There seems little doubt that by conviction or reflecting leverage, President Volodimir Zelensky, has not reacted publicly to the cross-purposes resulting from the geopolitical level of encounter. On the contrary, Zelensky has taken advantage of empathy for the Ukrainian plight to plead his case in such venues as the UN, European Parliament, U.S. Congress, and the Israeli Knesset. As with Washington there is a predominant focus on the criminalization of Russia and Putin with no attention given to whether there is a better way to end the war on the ground. We must ask whether Zelensky has been blind to costs for Ukraine of this ongoing geopolitical war or has disastrously bought into its flimsy rationale, whether knowingly or not.

There is a final point that has been made persuasively by Anatol Lieven of the Quincy Institute in Washington: Whether the was ends tomorrow or goes on for years, some say it could last for at least five and maybe even ten years, the outcome in terms of Ukraine’s sovereignty and security arrangements will be the same: ceasefire, withdrawal of foreign military forces, neutrality, mutual non-aggression arrangements, a UN peacekeeping border control, guaranteed autonomy and human rights for East Ukraine (Dombas).

If this logic is correct, then it is a primary humanitarian and global human security interest for Ukraine to give Moscow every public signal that it is ready and eager for a ceasefire and peace talks.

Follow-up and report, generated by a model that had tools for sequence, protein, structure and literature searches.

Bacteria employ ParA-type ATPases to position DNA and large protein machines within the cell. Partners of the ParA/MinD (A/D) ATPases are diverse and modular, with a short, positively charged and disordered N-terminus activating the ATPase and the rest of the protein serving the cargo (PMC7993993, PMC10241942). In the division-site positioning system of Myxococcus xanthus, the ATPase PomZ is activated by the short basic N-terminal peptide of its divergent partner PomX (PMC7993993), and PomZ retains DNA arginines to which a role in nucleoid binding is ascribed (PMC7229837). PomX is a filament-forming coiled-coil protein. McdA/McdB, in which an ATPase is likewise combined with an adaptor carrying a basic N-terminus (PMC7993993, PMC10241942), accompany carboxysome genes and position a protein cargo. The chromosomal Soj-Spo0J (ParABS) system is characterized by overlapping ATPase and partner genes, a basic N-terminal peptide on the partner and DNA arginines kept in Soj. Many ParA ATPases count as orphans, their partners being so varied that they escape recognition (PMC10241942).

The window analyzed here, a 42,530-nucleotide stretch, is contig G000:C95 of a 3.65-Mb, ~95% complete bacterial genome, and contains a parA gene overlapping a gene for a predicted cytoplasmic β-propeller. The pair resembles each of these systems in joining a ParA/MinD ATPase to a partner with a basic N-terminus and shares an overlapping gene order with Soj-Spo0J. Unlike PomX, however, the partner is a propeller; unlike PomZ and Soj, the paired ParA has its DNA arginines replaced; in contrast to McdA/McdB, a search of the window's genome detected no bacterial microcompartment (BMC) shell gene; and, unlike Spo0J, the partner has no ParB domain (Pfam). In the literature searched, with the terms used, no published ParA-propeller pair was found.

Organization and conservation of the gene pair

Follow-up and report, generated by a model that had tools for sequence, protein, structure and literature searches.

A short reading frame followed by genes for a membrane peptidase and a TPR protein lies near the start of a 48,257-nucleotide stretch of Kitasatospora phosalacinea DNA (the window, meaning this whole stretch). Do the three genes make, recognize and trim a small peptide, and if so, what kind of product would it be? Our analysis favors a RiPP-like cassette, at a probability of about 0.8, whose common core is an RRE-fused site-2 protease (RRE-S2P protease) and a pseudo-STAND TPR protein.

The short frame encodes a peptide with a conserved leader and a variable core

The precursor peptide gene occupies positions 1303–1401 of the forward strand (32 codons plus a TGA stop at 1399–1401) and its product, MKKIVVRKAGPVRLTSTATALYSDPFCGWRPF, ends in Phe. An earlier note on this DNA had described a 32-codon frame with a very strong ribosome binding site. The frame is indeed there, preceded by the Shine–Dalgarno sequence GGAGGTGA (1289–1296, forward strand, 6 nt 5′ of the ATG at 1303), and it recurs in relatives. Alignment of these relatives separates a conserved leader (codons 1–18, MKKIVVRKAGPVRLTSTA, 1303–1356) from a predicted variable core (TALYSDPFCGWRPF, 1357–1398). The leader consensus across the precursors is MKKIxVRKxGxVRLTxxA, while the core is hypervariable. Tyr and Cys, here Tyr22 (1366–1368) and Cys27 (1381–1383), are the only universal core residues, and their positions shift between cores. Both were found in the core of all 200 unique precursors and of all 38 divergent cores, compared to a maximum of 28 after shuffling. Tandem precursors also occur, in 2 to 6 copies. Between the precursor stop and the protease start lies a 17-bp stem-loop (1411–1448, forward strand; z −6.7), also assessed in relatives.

The play of forces in Washington may inhibit the adoption of this favored course of action. Calling off the geopolitical war will be alleged to embolden Putin’s expansionist ambitions as well as convey to China that it can successfully challenge Taiwan’s independence if it shows sufficient resolve. Biden will be viciously attacked as a weak leader who is relinquishing U.S. responsibility for upholding global security throughout the world, given the weakness of the UN, irrelevance of international law, and the alien values of China and Russia. To some extent Biden constructed his own trap by opting for an untenable geopolitical war waged with inflammatory rhetoric and further inflated military budgets, backed by the fictitious encounter between democracies and autocracies as well as the ahistorical belief that military superiority controls political outcomes in contemporary wars and gives shape to the history of our times. It is well to wonder why the Philippines, India, and Brazil are grouped among the world’s democracies and why every sustained war since 1945 has been won by the weaker side militarily.

It is time for a unilateral decision to renounce the geopolitical war and encourage the Ukrainian government to seek peace by proposing an immediate ceasefire and an impartial framework for peace diplomacy.

Richard Falk is Albert G. Milbank Professor Emeritus of International Law at Princeton University, Chair of Global law, Queen Mary University London, and Research Associate, Orfalea Center of Global Studies, UCSB.